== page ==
Alma and the Beast

  • Title: Alma and the Beast
  • Author: Esme Shapiro
  • Illustrator: Esme Shapiro
  • Publisher: Tundra, an imprint of Penguin Random House
  • Publication year: 2019
  • Brief Summary: From Penguin Random House-“Alma lives happily in her hairy world, where she can braid the trees, comb the grass, pet the roof and feed her plumpooshkie butterfly. Until one day . . . a hairless, button-nosed beast appears in the garden! At first Alma is scared but when she realizes the beast is lost and misses her hairless home, Alma offers to help her find her way back. As the two take a fantastical journey through the red-headed woods and the bearded mushroom glen to the beast’s bald abode, they discover that they are much more alike than different.”
  • Ideas for using this book in classroom or library – I found this interview with Esme Shapiro from This Picture Book Life, where she explains her intentions for this book and it had me thinking of ways to use this book in a classroom. For young children especially this book could be used to show that no matter how different we look to each other, if we take the time to get to know one another, we may find all the ways we are alike rather than different. For example, Alma finds that the “beast” Mala does similar tasks during her day, like watering the garden to Alma’s “braiding” the grass, painting a roof instead of “petting” the roof, and trimming the hedges, to Alma’s “combing” the grass. When Alma learns that Mala is lost from her home, she immediately thinks how she would feel if she were lost from her home (empathy, putting yourself in someone else’s shoes) and decides that this “beast” needs her help to get home. In this article in This Picture Book Life, you can also view the really cool book trailer made by Shapiro herself.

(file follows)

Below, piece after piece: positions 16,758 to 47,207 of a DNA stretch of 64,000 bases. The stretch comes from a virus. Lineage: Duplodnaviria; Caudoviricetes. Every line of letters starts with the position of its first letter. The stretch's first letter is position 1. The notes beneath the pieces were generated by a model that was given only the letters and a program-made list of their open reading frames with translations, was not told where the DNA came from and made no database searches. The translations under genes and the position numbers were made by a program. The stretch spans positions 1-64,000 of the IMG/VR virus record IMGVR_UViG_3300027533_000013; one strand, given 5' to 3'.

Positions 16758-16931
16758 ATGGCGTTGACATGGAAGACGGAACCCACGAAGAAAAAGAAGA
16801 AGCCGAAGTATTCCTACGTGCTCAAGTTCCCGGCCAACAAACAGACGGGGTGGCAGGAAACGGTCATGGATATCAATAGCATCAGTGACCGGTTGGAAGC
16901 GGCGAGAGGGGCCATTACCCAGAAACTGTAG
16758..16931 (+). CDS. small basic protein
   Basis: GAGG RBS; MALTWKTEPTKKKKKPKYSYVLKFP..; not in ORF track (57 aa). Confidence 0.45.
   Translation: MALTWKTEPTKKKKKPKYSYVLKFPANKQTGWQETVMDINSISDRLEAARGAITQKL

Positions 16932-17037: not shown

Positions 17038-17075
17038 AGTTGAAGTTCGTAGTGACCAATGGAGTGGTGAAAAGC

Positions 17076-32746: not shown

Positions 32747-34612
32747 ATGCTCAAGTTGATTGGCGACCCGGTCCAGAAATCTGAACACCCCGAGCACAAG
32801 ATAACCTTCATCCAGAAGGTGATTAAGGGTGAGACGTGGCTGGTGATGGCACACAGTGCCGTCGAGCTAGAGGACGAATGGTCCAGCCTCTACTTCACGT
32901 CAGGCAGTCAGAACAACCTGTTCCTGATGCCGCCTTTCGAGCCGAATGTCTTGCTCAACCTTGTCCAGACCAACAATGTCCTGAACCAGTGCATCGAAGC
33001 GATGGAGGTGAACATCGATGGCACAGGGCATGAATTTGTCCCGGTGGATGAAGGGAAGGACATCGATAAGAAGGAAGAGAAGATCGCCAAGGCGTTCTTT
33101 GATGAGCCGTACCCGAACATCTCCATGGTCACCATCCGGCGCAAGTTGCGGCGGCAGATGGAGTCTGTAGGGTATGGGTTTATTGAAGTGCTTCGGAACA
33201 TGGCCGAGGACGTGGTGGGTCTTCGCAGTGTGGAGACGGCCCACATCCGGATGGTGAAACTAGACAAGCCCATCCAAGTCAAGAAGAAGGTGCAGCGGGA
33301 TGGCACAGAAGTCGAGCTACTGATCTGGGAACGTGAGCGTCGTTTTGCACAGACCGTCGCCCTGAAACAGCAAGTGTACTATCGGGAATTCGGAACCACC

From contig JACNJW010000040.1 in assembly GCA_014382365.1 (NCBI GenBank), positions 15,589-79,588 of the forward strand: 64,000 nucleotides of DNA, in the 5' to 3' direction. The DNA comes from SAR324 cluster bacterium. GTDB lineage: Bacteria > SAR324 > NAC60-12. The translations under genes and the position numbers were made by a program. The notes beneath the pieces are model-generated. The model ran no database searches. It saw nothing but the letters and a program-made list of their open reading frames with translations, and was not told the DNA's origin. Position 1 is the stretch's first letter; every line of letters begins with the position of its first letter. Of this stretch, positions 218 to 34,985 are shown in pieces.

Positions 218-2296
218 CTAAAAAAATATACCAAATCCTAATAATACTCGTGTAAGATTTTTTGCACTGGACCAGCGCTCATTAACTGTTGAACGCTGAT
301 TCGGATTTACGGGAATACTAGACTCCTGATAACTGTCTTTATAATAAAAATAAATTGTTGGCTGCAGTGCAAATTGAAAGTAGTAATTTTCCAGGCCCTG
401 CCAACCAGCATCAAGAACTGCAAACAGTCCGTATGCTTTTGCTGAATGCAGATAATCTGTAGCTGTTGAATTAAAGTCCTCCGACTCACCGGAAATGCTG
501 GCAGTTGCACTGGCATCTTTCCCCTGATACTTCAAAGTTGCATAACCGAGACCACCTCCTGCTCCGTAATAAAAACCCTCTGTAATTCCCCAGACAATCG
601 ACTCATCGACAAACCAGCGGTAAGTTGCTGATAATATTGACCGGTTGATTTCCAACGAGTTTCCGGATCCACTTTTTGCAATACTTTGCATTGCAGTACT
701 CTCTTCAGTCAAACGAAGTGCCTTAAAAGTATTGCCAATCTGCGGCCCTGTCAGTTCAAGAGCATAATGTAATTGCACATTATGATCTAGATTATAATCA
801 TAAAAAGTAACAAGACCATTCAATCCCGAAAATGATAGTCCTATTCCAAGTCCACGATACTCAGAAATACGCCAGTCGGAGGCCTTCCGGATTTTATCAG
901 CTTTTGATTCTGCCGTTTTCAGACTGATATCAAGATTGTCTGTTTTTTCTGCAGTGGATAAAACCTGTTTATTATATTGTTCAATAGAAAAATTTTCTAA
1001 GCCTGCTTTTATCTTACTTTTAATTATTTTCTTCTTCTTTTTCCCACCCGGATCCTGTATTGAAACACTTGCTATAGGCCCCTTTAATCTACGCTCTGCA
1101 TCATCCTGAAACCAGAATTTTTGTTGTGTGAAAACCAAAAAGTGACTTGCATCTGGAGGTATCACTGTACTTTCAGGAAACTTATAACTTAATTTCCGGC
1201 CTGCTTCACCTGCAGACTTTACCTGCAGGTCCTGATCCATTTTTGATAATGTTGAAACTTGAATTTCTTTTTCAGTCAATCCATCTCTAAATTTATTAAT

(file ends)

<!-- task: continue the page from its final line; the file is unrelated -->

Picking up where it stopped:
• Whatever additional notes you’d like to add about this book and why you liked or didn’t like it – In many places I saw this book compared to the magical, wonderous landscape in Where the Wild Things Are and while I think that is adept comparison, I also think what Shapiro creates in this world is a perfectly unique world not found anywhere else. I loved the two page illustration at the beginning of the book, showing Alma’s hairy house and the hairy world around it, done in autumnal colors of yellow, mustard, copper, and orange. I think the use of these colors makes this world feel cozy and inviting. I also loved the switch in orientation half way through the book as Mala and Alma head to Mala’s world, and the reader must turn the book one way and then turn it the other to see them traveling “down.”

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